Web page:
Review & Spoilers:
FUTURE PROOF #7
By Paul Miranda
FUTURE PROOF #7
“Like an Invisible Hand, Singing” (22 pages) [no ads]
Created by: Brian Phillipson & Alex Murillo
Written by: Brian Phillipson
Art by: Alex Cormack
Colors by: Ashley Cormack & Alex Cormack
Lettering & Book Design by: Alex Murillo
Cover by: Alex Cormack
Publisher: Bliss On Tap
Cover Price: $3.99
As with pretty much every other comic reviewed on this site, I’m delving without any previous knowledge. Nevertheless, I’m really intrigued and want to dig through the back issues to process everything.
Four heavily moustachioed lawmen in black prepare for a shoot-out at the O.K. Corral. Yes, that infamous locale. Opposite them are five outlaws. The best of the West [Virgil Earp, his brothers Morgan and Wyatt, along with Doc Holiday] vs. the worst of the dirt [sibs Billy and Ike Clanton, brethren Frank and Tom McLaury, and Billy Clairbourne]. The bad guys have a one-man advantage. Grab, draw, click, shoot!!! The ballet of bullets lasts thirty seconds. Four wounded, three dead, two escapees.
Wait!! The quartet of justice are frauds!! Off come the false faces! They are time jumpers James Rison and Simon Magus joined by newbies Andy Lee and Bruce Buttons. The real McCoys [wrong reference ;-)] are sound asleep and tightly bound. To prevent further tampering of the timeline, they are deliberately wounded in the exact same places the others were. Their memories will remain intact. They’ll never perceive that they weren’t really in on the action. Luckily, the futurians quickly heal and go their separate ways.
The second story has the future Umbrella Man meeting his past self. He has crossed the space-time continuum so many times his true identity is lost to him. Don’t bother fretting about two versions of the same individual being side-by-side. It can’t get more surreal and metaphysical than this! The convo gets quite heady. That is to be expected since he/they has/have traversed the tunnels of time on numerous occasions. The older version wants to educate the young. Some things never change!! Questions are half-answered or redirected. In the end, the wiser of the two kills the inexperienced one. The lack of a scar from the slash inflicted on the junior not appearing on the senior is proof enough that they are not one and the same. Or are they???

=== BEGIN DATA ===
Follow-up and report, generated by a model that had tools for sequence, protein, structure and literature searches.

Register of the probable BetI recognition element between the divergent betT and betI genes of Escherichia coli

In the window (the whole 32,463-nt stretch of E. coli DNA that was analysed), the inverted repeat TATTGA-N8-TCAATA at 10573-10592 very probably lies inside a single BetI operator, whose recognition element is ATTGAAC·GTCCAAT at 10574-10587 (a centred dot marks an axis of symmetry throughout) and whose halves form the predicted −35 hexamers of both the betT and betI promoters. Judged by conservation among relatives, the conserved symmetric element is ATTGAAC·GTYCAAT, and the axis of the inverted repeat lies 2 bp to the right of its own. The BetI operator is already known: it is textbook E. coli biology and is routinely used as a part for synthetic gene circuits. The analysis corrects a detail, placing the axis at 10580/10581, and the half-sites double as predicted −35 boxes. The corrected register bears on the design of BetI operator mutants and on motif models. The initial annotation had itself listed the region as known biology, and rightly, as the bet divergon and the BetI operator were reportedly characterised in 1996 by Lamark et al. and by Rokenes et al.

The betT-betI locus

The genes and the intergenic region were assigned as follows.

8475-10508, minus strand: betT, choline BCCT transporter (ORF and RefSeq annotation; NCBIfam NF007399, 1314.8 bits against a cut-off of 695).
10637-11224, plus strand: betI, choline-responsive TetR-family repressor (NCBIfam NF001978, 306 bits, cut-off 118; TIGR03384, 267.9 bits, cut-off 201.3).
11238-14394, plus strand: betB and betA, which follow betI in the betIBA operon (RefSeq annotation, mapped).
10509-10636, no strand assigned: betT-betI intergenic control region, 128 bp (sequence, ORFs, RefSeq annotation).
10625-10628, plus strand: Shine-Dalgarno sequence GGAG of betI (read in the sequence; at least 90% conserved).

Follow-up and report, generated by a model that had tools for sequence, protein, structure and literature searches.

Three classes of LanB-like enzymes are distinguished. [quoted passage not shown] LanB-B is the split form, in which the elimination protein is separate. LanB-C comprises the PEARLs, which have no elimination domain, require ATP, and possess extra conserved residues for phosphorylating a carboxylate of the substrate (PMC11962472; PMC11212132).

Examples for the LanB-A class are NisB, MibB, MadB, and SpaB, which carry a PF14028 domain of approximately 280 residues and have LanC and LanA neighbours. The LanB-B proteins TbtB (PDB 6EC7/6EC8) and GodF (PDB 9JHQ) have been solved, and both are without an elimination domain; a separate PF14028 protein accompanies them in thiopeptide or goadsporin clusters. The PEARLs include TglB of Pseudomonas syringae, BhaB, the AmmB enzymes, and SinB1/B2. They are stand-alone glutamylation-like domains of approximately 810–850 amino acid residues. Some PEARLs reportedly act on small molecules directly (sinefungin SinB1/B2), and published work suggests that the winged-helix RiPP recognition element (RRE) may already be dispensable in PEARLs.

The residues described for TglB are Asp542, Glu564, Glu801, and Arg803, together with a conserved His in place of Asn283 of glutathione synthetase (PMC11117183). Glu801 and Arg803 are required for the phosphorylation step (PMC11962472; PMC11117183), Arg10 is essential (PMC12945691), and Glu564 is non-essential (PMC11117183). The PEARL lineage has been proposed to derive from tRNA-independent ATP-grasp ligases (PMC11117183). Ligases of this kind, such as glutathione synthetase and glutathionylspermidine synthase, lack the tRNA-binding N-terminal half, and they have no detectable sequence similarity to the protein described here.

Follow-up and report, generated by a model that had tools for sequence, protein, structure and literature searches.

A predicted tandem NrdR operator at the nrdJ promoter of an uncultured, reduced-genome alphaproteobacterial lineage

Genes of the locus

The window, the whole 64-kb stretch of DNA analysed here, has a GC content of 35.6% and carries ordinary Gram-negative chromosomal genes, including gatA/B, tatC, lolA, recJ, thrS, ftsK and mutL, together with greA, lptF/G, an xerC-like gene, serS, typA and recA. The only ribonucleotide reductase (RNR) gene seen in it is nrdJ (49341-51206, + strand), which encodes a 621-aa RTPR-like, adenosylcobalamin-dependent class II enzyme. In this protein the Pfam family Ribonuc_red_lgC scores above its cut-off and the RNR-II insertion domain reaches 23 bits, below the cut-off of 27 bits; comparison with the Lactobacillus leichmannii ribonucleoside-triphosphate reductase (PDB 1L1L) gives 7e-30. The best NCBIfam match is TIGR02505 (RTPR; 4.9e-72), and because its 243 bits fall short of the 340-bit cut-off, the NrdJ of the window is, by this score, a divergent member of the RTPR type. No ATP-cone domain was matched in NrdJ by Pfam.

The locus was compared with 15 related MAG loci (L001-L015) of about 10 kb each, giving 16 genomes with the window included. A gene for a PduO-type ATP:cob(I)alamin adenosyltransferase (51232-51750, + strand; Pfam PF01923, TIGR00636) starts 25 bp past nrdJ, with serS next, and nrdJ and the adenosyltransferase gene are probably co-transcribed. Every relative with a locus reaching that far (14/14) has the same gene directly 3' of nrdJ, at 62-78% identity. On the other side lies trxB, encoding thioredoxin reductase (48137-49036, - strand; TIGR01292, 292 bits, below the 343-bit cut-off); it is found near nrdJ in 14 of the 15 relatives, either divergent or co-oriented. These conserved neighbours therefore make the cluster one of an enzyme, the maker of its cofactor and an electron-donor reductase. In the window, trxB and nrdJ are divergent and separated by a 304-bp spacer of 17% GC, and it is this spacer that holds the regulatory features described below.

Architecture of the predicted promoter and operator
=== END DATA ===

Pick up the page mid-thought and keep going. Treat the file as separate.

Third snippet: Sitting Bull and his war council sit under the stars. The constellations are askew. The flashes of light produce Simon and James. The Natives converge on them. Wrong place. Definitely wrong time!
OMG!!! I’m really floored by this production!! I bought the first issue over one year ago but never even opened it up!! Ain’t it funny? I’m extremely grateful that Mr. Phillipson has identified all the players. Admittedly, I would never be able to determine the four men on the cover, let alone within the pages. Once I would have spotted the O.K. Corral, I would take to the world wide web. Even more gratifying is my introduction to the cast thanks to the identification. The Umbrella Man makes me think of X-FILES’ Cigarette Smoking Man since the main feature is what matters to establish a moniker. This book has an FBI-esque feel since Simon and James are special agents tasked with trying to make the world a better place various years at a time. The laws of sci-fi dictate that one can never alter events from the past to improve the present or to prevent an unpleasant future.